German Central Bank Warns Housing 25 Percent Overvalued

Fears of a property bubble in the euro zone’s largest economy are mounting, with the German central bank warning that house prices in Germany have spiked in as many as 125 cities in the country.
The bank said foreign investment and international demand along with low borrowing costs, which make it easier to finance buying a house, have led to a surge in demand for residential property.

Urban properties are now overpriced by 10-20 percent, the bank said, adding that “in major cities the prices for residential property deviate by about 25 percent.” It added that apartment prices have gone up by 9 percent in Germany’s seven largest cities.
The bank already warned of big jumps in residential property prices in October last year. However this marks its most severe warning.

“Prices for residential property have risen faster than the economic and demographic fundamentals suggest,” the bank said.

via CNBC

This article is for general information purposes only. It is not investment advice or a solution to buy or sell securities. Opinions are the authors; not necessarily that of OANDA Corporation or any of its affiliates, subsidiaries, officers or directors. Leveraged trading is high risk and not suitable for all. You could lose all of your deposited funds.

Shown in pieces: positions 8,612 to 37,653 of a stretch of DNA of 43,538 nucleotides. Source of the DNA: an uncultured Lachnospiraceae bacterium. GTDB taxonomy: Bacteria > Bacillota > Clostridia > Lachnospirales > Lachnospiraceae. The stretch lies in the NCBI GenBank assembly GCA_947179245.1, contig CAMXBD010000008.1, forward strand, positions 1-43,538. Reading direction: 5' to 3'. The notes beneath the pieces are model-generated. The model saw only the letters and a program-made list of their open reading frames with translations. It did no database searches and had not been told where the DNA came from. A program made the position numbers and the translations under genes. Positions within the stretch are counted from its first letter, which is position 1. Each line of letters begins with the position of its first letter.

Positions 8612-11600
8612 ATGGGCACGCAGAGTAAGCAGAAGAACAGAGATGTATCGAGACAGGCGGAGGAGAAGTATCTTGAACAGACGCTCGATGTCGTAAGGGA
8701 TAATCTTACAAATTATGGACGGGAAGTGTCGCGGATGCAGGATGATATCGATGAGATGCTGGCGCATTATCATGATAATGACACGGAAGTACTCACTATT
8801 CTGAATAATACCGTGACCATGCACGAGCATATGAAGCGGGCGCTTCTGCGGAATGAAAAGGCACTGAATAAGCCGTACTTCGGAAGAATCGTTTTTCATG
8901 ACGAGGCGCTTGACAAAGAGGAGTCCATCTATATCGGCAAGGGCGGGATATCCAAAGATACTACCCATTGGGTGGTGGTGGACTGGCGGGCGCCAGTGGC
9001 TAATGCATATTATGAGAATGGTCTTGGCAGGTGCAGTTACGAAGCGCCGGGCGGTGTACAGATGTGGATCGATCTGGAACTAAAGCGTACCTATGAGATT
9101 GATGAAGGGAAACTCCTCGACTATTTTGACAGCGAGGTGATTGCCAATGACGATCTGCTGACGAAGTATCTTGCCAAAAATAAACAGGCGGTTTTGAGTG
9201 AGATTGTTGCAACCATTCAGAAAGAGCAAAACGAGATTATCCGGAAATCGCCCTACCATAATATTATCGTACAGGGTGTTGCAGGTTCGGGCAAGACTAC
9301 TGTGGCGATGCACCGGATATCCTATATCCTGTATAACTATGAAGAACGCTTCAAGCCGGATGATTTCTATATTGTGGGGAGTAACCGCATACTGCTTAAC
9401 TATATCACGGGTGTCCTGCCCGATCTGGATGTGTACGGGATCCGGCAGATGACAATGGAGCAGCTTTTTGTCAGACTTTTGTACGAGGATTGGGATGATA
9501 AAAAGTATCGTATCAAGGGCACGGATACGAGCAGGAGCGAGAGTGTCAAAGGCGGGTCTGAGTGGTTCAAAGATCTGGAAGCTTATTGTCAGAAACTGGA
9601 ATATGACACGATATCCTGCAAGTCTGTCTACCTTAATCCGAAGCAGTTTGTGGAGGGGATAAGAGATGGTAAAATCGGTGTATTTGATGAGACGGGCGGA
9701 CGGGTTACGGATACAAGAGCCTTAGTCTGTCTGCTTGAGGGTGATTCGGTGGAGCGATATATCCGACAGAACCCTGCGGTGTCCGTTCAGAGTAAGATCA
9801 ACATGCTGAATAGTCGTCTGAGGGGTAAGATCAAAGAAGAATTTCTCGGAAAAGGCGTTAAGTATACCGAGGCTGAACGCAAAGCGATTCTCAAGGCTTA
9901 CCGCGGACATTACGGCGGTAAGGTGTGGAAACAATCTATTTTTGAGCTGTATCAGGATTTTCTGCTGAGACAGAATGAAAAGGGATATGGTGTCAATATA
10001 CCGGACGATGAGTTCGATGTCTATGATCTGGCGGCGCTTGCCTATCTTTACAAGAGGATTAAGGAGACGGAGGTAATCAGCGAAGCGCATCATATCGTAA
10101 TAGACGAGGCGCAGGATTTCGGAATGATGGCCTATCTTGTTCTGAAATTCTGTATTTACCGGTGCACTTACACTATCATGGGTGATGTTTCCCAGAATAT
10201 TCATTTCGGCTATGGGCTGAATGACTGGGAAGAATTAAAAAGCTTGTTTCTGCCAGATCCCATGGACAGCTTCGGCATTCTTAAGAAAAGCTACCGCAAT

Alfonso Esparza

Alfonso Esparza

Senior Currency Analyst at Market Pulse
Alfonso Esparza specializes in macro forex strategies for North American and major currency pairs. Upon joining OANDA in 2007, Alfonso Esparza established the MarketPulseFX blog and he has since written extensively about central banks and global economic and political trends. Alfonso has also worked as a professional currency trader focused on North America and emerging markets. He has been published by The MarketWatch, Reuters, the Wall Street Journal and The Globe and Mail, and he also appears regularly as a guest commentator on networks including Bloomberg and BNN. He holds a finance degree from the Monterrey Institute of Technology and Higher Education (ITESM) and an MBA with a specialization on financial engineering and marketing from the University of Toronto.
Alfonso Esparza